In a study conducted by Ed Altman, 23.4% of bonds rated B (by S&P) defaulted over the four years ended September 2007. For bonds rated CCC, the default rate for the same time period increased significantly to 49%. This is notable as nearly 25% of issuance was rated lower quality over the period. Due to the massive growth of the credit markets and the fact that lending standards were extremely loose over the last few years, the opportunities are likely to be unprecedented in size. (see Fig.1)

If the US economy is slipping into a recession, we believe default rates of 6-7% are likely in 2009. Presently, at 794 bps STW, the high yield market is pricing in a greater than 50% probability of this outcome. According to JP Morgan, current spreads reflect a 5.4% default rate. For reference, historical average default rate are about 4%. The current average price of a high yield bond is 89.38% of par. In the last two bottoms for the credit markets (1991 and 2002), this figure was just below 70%, as seen in Fig.2. During both periods the US was in a recession, which is where it seems to be heading now.

Therefore, historical guidance indicates that there is still some downside left before markets reverse. However, if markets rebound quickly, we may not have as many compelling distressed opportunities but rather a recovery opportunity.

Prices in the loan market have already reached, or even overshot, their 2002 lows. This is due to lower liquidity and forced selling. Opportunities in the leveraged loan markets are plentiful. Given the sharp drop in loan prices over the past several months, with most issues currently trading in the mid to high 80s, loans are priced at deeply recessionary levels.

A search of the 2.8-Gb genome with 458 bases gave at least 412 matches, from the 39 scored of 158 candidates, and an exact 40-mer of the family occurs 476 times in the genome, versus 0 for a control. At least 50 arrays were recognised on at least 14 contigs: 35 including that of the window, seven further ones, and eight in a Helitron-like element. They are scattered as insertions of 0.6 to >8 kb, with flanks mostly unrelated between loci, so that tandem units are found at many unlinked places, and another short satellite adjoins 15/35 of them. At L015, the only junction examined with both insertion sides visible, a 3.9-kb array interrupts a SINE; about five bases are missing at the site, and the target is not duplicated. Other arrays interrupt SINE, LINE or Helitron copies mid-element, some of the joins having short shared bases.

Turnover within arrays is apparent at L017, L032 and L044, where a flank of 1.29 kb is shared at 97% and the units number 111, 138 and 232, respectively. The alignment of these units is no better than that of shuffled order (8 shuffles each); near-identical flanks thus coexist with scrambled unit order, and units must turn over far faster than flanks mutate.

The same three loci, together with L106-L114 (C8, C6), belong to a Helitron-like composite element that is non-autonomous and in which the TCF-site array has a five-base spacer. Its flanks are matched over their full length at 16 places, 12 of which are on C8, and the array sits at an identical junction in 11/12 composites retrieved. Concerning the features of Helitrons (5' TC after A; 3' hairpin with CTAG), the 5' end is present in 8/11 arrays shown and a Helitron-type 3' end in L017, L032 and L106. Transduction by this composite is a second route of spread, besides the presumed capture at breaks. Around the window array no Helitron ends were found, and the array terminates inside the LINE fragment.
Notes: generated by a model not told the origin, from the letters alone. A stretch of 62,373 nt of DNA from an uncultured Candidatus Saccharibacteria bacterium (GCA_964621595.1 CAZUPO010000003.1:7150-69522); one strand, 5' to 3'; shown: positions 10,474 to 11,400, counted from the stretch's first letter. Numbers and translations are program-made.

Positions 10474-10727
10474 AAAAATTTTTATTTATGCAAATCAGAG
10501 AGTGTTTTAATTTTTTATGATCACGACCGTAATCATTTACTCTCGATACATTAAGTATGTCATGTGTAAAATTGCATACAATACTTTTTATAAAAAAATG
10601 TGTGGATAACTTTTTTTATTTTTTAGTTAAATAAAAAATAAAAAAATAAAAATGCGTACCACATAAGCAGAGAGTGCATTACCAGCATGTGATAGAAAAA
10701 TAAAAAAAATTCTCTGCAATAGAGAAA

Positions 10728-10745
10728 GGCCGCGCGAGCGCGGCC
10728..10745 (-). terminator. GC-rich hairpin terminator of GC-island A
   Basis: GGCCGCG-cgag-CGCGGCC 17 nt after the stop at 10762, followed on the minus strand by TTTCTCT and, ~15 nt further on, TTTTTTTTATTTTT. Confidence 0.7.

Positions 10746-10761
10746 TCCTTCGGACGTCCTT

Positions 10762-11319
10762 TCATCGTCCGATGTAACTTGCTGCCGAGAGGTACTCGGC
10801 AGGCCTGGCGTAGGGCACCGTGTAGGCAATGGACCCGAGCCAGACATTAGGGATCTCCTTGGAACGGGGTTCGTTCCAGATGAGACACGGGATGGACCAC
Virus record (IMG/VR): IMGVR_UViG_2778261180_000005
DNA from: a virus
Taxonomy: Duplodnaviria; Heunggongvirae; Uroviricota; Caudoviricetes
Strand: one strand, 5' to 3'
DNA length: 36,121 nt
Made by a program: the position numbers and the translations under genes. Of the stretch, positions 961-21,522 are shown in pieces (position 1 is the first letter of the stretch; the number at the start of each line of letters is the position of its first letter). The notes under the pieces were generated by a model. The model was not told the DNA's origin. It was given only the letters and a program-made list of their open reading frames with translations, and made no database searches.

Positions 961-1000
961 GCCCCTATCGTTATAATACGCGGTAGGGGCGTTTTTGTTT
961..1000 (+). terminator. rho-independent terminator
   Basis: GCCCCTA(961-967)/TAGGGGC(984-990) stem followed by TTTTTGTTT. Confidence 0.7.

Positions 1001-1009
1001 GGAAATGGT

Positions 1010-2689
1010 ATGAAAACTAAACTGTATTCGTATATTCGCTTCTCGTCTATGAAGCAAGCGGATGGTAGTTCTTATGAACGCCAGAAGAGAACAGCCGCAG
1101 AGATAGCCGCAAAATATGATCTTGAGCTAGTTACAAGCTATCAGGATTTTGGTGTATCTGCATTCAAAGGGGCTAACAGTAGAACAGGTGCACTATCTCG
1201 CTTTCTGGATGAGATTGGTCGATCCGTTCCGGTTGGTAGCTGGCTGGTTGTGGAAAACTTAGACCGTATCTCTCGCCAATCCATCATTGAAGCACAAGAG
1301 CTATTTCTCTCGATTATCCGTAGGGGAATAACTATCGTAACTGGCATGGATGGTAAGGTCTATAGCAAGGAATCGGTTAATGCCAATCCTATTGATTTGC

Some estimates point to an implied default rate three times higher than during the savings & loan crisis in the early 1990s, which is widely considered to be the worst credit crisis in the last 30 years. Hence, loans currently offer a more compelling investment opportunity compared to bonds (Fig.3).In order to capture potential defaults and possible recoveries, it is absolutely crucial for distressed hedge funds to invest early, as spreads usually tighten faster than they widen, especially for fundamentally sound companies. Fig.4 below shows the difference between early and late investing after the 20012002 recession. It demonstrates that the optimal date to invest would have been November 2002, thereby generating a two-year annualised return of 21.9% as October 2002 was the bottom of the market.

As it is hard to capture the bottom of a credit cycle, it is better to invest early rather than late. The average two-year annualised return for investing 1-12 months earlier than the optimal month was 15.9%, while the average for investing 1-12 months later was 13.9%. On average, investors who purchased high yield early earned nearly 34 of the return of investors who timed the market perfectly and they outperformed investors who invested too late. This asymmetrical response rate is a function of the illiquid nature of the high yield market.


The current credit crisis offers attractive investment opportunities for distressed hedge funds, as distressed markets are inefficient and hedge funds can often buy securities at deep discounts, benefiting from forced selling by other market participants. As a result of the very loose lending standards such as covenant-lite structures that were put in place between 2005 and H1 2007, average prices for high yield bonds have fallen substantially during the last few months while those for leveraged loans have already overshot their 2002 lows and are priced at deeply recessionary levels.

Credit markets are cyclical in nature, but capturing the bottom of the credit cycle is difficult. In anticipation of a J-curve like recovery, investing early offers more upside potential than investing late. This has been evident during the previous bear market in 2002. Furthermore, investors should not forget that distressed investing should be seen as a long-term investment.

While distressed hedge funds tend to perform better during bull markets by harvesting their ‘investment seeds’ sown during bear markets, they can also make money independent of the overall market credit cycle by focussing on company specific turnarounds.

This article appears as part of report published in April 2008 by Man Investments, ‘Hedge fund investing in distressed securities: Capturing the unique value created by corporate and economic turnarounds’.